Latest improvements[edit]

Pythagoras is continuously being improved with new features and capabilities. It has recently added generic resources, generic attributes, communication devices, and expanded its recording of various measures of effectiveness for post-run analysis.

  • Multiple Generic Resources: The resources can be expended, created, transported and replenished, allowing Pythagoras to be used to study problems of logistics and distribution. Multiple echelons of supply can be represented. The fuel resource may be required for a unit to be able to move. Resource levels can cause changes in behavior.
  • Multiple Generic Attributes: Attributes can be changed across actions/events, and can be used to represent both physical aspects of an agent, such as fatigue, and emotional aspects, such as fear or morale. These attributes can be changed in many different ways. For example, attributes may change as a function of events that happen to an individual agent, such as losing its leader or an event that happens to the agent’s group, such as taking excessive casualties. Weapons that convey influence, such as a bull horn, could change the agent’s attributes. Once the attributes exceed a preset threshold, the agent may adapt a new behavior to reflect this change. A frightened agent, for example, may run from the enemy if its attribute representing fear reaches a certain level. Attributes can also be used as counters for triggering low frequency events and to facilitate weapon/target pairing.
  • Multi-channel Communications Devices: Pythagoras’ agents can pass information through a user-created network. The information not only includes information about other agents, but may also include attribute changes which will be applied to the receiving agent(s). User Created MOEs: Users can now write their own measures of effectiveness capturing software and add them to the library. Pythagoras will automatically detect the addition of the measure and create the interfaces between the agents and the recording software, allowing the user to capture the information as often as needed.
  • Play Forward Visualization Tool: The six displayed characteristics (x-y location, red, green, blue colors and transparency) can be mapped to any of these original six characteristics, the ten new generic attributes, health, the three generic resources, or fuel. This capability allows the user to watch the scenario unfold in many different dimensions. These recent improvements to Pythagoras have enabled more abstract scenarios to be constructed which include psychological operations, population dynamics and irregular warfare. In these scenarios, population segments influence one another through changes in their attributes caused by influencing communications. Military forces add their own influences through actions such as humanitarian assistance and disaster relief, whose influence then ripples through the population.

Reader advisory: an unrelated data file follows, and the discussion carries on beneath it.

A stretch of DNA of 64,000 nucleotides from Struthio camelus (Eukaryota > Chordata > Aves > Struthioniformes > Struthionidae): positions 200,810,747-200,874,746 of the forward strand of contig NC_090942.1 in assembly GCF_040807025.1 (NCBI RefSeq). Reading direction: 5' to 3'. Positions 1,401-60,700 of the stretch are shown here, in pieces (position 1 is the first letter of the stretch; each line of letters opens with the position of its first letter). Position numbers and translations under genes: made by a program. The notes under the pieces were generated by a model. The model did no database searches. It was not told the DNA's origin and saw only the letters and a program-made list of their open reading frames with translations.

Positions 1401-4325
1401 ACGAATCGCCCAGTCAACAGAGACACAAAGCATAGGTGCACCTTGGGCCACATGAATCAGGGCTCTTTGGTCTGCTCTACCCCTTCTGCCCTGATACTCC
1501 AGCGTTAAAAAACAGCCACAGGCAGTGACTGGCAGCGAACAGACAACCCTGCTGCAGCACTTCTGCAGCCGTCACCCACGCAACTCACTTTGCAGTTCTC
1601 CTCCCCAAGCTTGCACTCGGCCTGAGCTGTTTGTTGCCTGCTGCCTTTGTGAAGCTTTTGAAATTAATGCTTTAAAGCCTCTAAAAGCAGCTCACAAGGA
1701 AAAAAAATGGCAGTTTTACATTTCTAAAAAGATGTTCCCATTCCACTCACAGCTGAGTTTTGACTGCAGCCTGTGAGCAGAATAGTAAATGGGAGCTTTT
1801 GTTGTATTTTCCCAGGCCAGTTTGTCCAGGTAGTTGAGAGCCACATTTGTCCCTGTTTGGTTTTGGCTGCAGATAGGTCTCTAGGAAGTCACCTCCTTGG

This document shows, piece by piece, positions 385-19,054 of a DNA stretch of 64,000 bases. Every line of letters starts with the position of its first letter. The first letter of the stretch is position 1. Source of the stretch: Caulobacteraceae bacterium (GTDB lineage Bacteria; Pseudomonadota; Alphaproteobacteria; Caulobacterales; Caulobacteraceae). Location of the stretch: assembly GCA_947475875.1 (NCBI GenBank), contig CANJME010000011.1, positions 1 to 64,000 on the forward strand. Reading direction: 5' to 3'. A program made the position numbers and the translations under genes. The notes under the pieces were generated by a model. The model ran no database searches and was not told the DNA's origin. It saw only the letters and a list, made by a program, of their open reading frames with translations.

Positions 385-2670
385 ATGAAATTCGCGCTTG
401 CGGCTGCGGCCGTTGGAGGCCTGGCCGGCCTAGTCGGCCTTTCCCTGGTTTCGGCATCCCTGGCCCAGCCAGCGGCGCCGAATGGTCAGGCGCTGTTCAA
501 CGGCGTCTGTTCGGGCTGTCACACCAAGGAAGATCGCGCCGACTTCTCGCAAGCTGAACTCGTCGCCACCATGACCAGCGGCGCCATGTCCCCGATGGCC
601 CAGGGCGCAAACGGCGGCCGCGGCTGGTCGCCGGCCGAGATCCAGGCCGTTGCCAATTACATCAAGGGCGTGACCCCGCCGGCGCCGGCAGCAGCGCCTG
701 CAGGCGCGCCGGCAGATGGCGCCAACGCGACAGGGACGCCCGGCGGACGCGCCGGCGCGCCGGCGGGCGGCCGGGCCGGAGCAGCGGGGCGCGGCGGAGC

The diverse set of applications modeled with Pythagoras attest to its versatility and utility. Pythagoras has been used to study improvements to squad echelon night vision equipment in a peacekeeping scenario. It has been used to study tactics, techniques and procedures in response to a weapon of mass destruction attack on a military installation. Students at the Naval Academy have used it to study historical battles as diverse as The Battle of Ia Drang (one of the first US Army battles in Viet Nam), The Battle of Midway, and Chancellorsville. It was used to study tactics for using air-delivered ordnance to clear shallow water obstacles and mines. It is currently being used to support two different studies (one by Northrop Grumman and the other by students at the Naval Postgraduate School) of population dynamics in areas of the world where an insurgency is possible and the Marines are sent in to provide disaster relief after an earthquake.


Pythagoras runs on a PC or any other platform that supports Java 1.5 and JAXB 2.0. It is particularly suitable for data farming — executing large numbers of repetitions of parametric runs to identify areas of unexpected behaviors and nonlinear results in a coevolving landscape.


Its heritage traces back to Project Albert, an international project dedicated to research in the human aspects of warfare, such as intangibles, co-evolving goals and non-linear relationships.

Pythagoras originally began as a method by which the existing US Marine Corps-provided Archimedes model could be enhanced, modified, or controlled to enable it to run large problem sets on multiple platforms and be analyzed via data farming techniques on the Gilgamesh platform located at the Maui High Performance Computing Center (MHPCC).

External links[edit]